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Le Monde Writes Yet Another Strong Anti-Chavez Editorial

One thing is rather surprising in the French press: the left and center left are the most vocal critics of Chavez. Liberation, a rational left newspaper, akin to the Guardian of London, was the first newspaper consistently criticizing Chavez. Le … Read More

By / November 21, 2007

One thing is rather surprising in the French press: the left and center left are the most vocal critics of Chavez. Liberation, a rational left newspaper, akin to the Guardian of London, was the first newspaper consistently criticizing Chavez. Le Monde, the reference newspaper of France and of a large part of the world started later but has been as much anti Chavez as one could expect. Yet, Le Figaro, the center right paper, to this day is still to write a strong anti Chavez piece. Even today it still managed to make a rather sympathetic coverage of the current electoral campaign without observing none of the vices than lesser journalists would be too embarrassed to report because they would think that no one would believe them at home. Heck, even the Guardian is more critical of Chavez than Le Figaro. Thus we have the paradox that France's right wing president is going to have lunch with Chavez this Tuesday while the Socialist Party of France criticizes the proposed constitutional changes to be voted on December 2. Stunning! Then again Sarkozy has an agenda: he wants Ingrid Betancourt freed and he could not care less about the other dozens of dozens of hostages retained by the FARC and other assorted groups in Colombia and Venezuela. If Sarkozy needs to screw the Venezuelan people to get Ingrid out of the swamp where she mired herself in, so be it. I heard some naive folks think that Sarkozy is going to con Chavez. Well, though I have never defended Chavez I can say with all certitude that it would be a cold day in hell when Sarkozy outmaneuvers Chavez. Just as Chavez conned Chirac with the oil concern Total contracts a couple years ago. Chirac gave love and kisses to Chavez at a time he needed them, Chavez promised the moon, and within two years Total was out of Venezuela. In other words as I predicted during my coverage of the French electoral campaign early this year, Sarkozy has demonstrated several times to be an unprincipled foreign policy maker. Had Segolene Royal been elected I am quite sure that the lout of Chavez would not be received at the Elyse Palace. Anyway, there is next the translation of the Le Monde editorial of today and then follows the original French version. Observe, for the record, how Le Monde introduces Chavez: "lieutenant-colonel". I loved it! The anti militaristic attitude of the French left since the infamous Dreyfus affaire! Of course, it is also for me the basic reason why I oppose Chavez: his military origins colliding to my allergy to anything military. The French left has always been keen on controlling the army by civilians. Remember the words attributed during WW1 to Clemenceau: "War is something too serious to be entrusted to the military".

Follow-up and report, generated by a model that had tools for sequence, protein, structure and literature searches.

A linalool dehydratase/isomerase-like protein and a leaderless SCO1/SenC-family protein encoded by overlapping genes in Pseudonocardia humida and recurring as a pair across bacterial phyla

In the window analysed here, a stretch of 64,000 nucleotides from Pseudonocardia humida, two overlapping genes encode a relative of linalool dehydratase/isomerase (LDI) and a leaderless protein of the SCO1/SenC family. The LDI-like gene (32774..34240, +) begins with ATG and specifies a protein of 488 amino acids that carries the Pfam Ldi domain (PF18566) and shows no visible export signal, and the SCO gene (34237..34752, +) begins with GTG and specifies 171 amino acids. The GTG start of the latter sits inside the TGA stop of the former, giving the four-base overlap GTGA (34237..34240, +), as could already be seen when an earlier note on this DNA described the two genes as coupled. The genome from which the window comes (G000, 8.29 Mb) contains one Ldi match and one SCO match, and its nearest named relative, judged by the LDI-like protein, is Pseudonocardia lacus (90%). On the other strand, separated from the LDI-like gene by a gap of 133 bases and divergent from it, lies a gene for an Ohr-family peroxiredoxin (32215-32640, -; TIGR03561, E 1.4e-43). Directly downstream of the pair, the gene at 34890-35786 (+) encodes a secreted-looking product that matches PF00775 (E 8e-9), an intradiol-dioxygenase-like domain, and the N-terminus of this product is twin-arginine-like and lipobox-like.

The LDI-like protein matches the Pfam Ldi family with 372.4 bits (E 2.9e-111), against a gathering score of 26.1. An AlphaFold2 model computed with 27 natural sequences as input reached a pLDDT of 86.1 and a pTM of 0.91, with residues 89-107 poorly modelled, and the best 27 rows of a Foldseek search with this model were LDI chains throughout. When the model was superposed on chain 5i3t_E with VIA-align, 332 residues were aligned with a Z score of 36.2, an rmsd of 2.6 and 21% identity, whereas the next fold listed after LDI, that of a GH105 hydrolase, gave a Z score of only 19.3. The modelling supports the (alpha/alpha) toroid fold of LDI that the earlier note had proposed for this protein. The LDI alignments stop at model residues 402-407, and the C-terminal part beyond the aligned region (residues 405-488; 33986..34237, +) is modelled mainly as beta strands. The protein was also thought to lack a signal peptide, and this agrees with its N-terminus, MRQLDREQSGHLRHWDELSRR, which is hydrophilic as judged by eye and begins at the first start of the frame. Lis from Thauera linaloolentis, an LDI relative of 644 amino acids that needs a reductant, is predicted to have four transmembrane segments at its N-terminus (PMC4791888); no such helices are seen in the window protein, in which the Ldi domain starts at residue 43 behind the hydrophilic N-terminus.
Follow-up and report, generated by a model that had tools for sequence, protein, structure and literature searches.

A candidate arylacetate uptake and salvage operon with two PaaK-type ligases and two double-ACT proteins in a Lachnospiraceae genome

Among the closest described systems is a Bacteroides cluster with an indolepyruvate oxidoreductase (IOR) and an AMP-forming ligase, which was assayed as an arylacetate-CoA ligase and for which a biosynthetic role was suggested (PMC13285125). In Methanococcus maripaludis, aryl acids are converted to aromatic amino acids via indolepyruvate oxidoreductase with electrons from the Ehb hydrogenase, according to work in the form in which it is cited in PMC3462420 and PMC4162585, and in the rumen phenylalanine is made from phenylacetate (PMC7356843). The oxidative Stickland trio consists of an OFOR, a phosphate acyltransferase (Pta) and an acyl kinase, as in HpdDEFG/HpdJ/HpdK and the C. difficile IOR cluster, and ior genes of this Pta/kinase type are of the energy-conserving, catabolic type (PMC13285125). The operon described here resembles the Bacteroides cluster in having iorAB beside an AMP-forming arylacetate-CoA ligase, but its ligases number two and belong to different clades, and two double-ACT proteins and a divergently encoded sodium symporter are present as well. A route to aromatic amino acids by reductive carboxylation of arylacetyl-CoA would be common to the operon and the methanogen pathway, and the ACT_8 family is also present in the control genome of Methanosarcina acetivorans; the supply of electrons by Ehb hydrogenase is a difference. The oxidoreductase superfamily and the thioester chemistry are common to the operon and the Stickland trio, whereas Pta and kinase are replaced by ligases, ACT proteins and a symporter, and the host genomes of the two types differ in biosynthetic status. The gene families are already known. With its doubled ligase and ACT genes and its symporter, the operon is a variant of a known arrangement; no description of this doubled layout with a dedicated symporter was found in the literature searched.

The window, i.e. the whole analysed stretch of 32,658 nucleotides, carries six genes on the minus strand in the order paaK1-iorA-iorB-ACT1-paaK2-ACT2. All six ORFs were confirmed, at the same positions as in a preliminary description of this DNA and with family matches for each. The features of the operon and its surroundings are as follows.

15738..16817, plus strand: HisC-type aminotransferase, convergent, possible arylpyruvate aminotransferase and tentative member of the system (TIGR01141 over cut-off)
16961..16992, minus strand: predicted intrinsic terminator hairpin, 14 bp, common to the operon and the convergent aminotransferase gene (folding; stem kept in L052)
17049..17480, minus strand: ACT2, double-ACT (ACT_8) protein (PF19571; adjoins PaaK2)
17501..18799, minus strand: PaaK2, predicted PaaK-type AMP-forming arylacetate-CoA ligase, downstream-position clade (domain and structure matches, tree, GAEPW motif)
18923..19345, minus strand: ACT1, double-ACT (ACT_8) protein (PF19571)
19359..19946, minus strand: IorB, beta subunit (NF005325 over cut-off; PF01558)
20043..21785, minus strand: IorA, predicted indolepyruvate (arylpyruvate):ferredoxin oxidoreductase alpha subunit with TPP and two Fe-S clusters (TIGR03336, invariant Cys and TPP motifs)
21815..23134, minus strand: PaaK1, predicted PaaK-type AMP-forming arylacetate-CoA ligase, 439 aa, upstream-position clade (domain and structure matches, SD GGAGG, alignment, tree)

Cross-posted at Venezuela News and Views

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